(WASHINGTON, DC, 11/4/2022) – On Monday, Nov. 7, an attorney with the Council on American-Islamic Relations (CAIR), the nation’s largest Muslim civil rights and advocacy organization, is scheduled to deliver oral arguments in the Fifth Circuit Court of Appeals in A&R Engineering and Testing, Inc. v. Ken Paxton.
CAIR’s First Amendment lawsuit is on behalf of the engineering firm, owned by Rasmy Hassouna, who refused to sign an anti-BDS loyalty oath to Israel as part of the company’s contract with the City of Houston. CAIR achieved a major victory on behalf of Rasmy when the district court judge granted a preliminary injunction ordering the City of Houston to enter into a contract with A&R Engineering without the anti-BDS clause, signaling the anti-BDS clause is likely unconstitutional.
MEDIA ADVISORY: The argument will take place on Monday, November 7, at 9:00am at 600 S Maestri Pl, New Orleans, LA 70130.
[NOTE: The term “BDS” refers to the growing Boycott, Divestment and Sanctions (BDS) movement. Modeled after the global South African anti-apartheid movement, the BDS movement’s stated goal is to pressure the Israeli government to end its occupation of Palestinian territory.]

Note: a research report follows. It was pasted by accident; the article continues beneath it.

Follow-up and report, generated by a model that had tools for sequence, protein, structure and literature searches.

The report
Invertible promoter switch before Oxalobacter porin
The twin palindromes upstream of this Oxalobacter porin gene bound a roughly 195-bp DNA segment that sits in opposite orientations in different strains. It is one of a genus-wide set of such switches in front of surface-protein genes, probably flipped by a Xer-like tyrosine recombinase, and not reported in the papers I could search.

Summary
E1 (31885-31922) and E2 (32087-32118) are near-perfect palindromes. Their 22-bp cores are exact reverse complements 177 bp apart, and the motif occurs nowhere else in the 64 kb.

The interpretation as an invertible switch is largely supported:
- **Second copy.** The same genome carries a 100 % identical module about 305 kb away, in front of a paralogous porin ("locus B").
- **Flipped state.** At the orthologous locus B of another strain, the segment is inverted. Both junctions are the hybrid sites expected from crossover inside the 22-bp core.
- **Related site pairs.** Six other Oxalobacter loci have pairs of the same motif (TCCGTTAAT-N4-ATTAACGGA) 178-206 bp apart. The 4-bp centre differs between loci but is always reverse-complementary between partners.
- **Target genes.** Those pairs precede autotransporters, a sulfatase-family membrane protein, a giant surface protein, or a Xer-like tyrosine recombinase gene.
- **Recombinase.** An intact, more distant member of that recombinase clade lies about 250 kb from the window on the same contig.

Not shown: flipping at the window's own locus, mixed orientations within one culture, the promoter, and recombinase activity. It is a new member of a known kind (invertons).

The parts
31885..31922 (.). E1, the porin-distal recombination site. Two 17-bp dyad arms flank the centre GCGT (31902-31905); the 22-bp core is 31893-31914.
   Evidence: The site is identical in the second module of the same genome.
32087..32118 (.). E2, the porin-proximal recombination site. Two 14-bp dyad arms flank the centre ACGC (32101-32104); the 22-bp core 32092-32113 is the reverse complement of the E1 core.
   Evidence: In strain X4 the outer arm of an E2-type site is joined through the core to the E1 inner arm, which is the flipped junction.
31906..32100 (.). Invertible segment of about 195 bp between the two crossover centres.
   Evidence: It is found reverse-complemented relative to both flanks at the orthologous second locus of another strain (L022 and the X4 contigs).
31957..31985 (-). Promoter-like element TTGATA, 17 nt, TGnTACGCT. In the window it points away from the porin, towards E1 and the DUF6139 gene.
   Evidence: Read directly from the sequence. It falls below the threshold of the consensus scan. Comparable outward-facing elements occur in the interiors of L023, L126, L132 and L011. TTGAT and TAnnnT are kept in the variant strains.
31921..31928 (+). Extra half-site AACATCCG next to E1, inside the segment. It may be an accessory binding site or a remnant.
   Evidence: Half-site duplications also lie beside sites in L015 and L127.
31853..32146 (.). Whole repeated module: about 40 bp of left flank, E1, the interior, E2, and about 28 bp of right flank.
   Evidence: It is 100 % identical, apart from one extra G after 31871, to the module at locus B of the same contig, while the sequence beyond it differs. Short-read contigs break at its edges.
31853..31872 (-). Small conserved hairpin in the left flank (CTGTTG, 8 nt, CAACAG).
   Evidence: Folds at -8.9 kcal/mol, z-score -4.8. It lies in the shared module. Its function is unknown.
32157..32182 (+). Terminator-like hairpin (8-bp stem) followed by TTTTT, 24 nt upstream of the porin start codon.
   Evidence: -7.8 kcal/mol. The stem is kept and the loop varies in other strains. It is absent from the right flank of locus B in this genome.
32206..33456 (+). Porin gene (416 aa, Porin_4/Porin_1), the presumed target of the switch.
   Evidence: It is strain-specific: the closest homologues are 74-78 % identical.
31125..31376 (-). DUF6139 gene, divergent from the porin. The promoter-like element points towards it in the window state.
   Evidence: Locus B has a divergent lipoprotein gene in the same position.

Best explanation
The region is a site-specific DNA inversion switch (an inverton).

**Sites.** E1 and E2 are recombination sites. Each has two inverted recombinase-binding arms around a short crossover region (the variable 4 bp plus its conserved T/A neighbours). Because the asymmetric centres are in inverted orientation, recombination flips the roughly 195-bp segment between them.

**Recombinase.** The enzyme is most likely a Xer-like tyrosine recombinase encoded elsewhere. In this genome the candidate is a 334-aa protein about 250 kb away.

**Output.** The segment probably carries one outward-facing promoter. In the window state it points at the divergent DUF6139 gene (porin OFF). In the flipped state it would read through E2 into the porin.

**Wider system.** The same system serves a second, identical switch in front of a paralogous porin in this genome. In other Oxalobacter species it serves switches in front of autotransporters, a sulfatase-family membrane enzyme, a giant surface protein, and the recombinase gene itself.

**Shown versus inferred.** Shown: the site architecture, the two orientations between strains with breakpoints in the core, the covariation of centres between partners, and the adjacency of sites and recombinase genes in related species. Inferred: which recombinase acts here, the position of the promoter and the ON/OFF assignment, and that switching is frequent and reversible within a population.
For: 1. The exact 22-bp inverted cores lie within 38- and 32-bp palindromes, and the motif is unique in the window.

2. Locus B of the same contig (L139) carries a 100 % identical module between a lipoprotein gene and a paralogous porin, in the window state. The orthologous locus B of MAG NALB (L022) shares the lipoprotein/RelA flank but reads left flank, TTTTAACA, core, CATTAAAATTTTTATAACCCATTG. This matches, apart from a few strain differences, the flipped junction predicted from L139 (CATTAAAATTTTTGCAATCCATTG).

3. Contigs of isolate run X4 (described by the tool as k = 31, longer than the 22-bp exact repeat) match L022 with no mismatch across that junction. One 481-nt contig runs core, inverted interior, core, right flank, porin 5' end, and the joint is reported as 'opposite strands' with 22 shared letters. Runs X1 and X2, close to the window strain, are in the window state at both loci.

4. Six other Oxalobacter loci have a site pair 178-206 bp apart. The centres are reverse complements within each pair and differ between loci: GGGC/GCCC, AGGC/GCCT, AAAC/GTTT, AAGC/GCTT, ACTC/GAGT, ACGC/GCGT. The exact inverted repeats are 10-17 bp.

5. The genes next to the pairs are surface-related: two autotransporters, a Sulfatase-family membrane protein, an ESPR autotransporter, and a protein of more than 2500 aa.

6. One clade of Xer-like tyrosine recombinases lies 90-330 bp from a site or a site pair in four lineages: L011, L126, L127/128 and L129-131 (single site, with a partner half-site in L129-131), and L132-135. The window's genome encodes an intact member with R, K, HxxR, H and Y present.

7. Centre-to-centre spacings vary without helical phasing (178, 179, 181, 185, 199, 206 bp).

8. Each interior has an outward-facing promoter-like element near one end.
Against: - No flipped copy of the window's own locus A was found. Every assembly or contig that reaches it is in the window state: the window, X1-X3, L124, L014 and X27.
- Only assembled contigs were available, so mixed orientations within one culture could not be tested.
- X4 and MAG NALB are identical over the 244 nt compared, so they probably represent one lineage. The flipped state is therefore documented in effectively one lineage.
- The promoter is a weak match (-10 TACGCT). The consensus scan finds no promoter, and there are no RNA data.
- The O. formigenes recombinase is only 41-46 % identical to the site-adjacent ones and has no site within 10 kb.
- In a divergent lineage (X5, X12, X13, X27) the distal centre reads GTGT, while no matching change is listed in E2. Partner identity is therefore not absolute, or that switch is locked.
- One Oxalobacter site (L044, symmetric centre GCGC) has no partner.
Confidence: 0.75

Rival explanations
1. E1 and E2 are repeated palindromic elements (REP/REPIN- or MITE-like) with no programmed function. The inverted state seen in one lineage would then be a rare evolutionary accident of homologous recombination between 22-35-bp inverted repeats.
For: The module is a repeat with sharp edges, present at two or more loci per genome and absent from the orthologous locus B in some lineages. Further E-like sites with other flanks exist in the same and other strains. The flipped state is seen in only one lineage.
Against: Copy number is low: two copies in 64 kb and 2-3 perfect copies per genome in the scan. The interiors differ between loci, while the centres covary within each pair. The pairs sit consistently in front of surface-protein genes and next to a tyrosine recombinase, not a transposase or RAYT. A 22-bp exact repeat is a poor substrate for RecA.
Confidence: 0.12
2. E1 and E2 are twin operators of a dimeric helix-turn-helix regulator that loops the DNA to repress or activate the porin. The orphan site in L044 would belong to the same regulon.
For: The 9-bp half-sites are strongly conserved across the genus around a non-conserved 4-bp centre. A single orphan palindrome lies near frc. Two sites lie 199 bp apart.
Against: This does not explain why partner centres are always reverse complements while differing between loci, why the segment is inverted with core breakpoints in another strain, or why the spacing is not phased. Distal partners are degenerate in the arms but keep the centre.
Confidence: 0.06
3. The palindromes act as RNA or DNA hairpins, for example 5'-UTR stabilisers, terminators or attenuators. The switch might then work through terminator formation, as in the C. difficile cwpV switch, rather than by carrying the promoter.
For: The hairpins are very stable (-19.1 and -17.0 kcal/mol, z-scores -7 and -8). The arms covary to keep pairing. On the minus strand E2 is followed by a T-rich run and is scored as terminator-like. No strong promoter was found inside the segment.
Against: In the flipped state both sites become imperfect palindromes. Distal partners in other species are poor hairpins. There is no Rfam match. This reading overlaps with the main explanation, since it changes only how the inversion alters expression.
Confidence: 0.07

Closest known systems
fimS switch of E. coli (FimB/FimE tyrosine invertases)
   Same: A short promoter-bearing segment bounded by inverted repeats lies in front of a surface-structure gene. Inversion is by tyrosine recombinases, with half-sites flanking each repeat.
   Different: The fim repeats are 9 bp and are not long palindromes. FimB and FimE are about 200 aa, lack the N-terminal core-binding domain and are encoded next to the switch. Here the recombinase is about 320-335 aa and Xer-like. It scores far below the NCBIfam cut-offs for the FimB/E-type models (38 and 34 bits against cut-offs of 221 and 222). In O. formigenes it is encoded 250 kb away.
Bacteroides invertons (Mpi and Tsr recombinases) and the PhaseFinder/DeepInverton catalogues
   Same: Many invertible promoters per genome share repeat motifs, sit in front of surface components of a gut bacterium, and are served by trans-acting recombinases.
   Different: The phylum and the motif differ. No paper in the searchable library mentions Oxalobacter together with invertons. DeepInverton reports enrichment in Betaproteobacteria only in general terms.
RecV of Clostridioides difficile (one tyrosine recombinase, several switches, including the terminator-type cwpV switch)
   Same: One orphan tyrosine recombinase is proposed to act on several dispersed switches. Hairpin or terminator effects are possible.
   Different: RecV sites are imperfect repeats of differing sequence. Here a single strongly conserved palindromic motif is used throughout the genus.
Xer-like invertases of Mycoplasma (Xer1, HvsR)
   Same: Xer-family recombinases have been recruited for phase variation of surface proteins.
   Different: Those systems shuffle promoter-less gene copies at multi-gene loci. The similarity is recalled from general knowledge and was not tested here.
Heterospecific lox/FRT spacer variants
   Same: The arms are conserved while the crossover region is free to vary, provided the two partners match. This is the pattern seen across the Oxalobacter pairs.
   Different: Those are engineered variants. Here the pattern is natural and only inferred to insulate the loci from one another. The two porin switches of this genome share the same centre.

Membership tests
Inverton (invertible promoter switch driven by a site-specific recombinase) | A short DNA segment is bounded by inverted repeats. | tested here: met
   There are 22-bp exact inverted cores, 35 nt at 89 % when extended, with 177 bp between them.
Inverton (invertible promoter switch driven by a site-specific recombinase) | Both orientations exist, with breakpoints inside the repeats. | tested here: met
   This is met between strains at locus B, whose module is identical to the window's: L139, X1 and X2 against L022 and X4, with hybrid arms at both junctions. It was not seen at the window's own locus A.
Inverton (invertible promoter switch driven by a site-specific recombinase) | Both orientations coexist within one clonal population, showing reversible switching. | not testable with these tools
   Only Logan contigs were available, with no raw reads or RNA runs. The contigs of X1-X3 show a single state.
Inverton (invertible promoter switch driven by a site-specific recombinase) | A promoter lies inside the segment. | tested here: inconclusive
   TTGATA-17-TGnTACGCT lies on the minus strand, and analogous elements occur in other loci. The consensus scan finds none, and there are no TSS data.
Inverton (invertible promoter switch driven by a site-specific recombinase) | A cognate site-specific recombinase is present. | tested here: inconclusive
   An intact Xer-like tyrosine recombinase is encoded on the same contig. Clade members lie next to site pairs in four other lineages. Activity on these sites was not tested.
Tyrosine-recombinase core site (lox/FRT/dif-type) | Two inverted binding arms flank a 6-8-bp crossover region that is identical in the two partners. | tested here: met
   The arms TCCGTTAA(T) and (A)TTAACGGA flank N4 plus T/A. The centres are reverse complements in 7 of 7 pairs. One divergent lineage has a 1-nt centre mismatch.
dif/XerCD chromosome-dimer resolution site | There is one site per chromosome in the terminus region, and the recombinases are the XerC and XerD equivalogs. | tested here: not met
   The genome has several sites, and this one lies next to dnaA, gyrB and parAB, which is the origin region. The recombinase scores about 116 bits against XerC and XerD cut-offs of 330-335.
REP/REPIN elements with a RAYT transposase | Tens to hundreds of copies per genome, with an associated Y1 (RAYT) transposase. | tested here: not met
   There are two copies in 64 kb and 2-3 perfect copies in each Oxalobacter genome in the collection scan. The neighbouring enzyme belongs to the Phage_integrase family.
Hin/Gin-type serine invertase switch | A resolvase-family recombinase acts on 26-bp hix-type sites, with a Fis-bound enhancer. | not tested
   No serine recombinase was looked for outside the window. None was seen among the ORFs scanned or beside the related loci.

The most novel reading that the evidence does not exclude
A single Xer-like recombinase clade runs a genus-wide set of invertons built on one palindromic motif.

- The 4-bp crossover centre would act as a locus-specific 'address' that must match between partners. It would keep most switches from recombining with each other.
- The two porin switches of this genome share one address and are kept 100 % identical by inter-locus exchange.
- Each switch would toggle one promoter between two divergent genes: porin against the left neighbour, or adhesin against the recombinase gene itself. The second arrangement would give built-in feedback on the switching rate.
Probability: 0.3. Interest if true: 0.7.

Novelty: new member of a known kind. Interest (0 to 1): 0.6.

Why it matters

Rasmy Hassouna is a Palestinian American engineer who owns the engineering firm A&R Engineering. When it came time for Hassouna to sign a renewed contract with the City of Houston for engineering services, the contract included language requiring Hassouna, born in Gaza, to certify that he does not and will not boycott the State of Israel. The State of Texas requires any company with ten or more full-time employees and a value of at least $100,000 to sign this certification verifying that it does not boycott the State of Israel if the company wishes to contract with a governmental entity.
Earlier this year, the United States District Court for the Southern District of Texas granted a preliminary injunction in favor of Hassouna, ordering the City of Houston to enter into contract with Hassouna without the anti-boycott language. The State of Texas has appealed. The Fifth Circuit will hear arguments about whether expressive conduct like a boycott is protected under the First Amendment of the Constitution.
CAIR’s Challenge to Texas Anti-BDS Law Supported by Amicus Briefs Filed by Coalition of Civic Groups, Scholars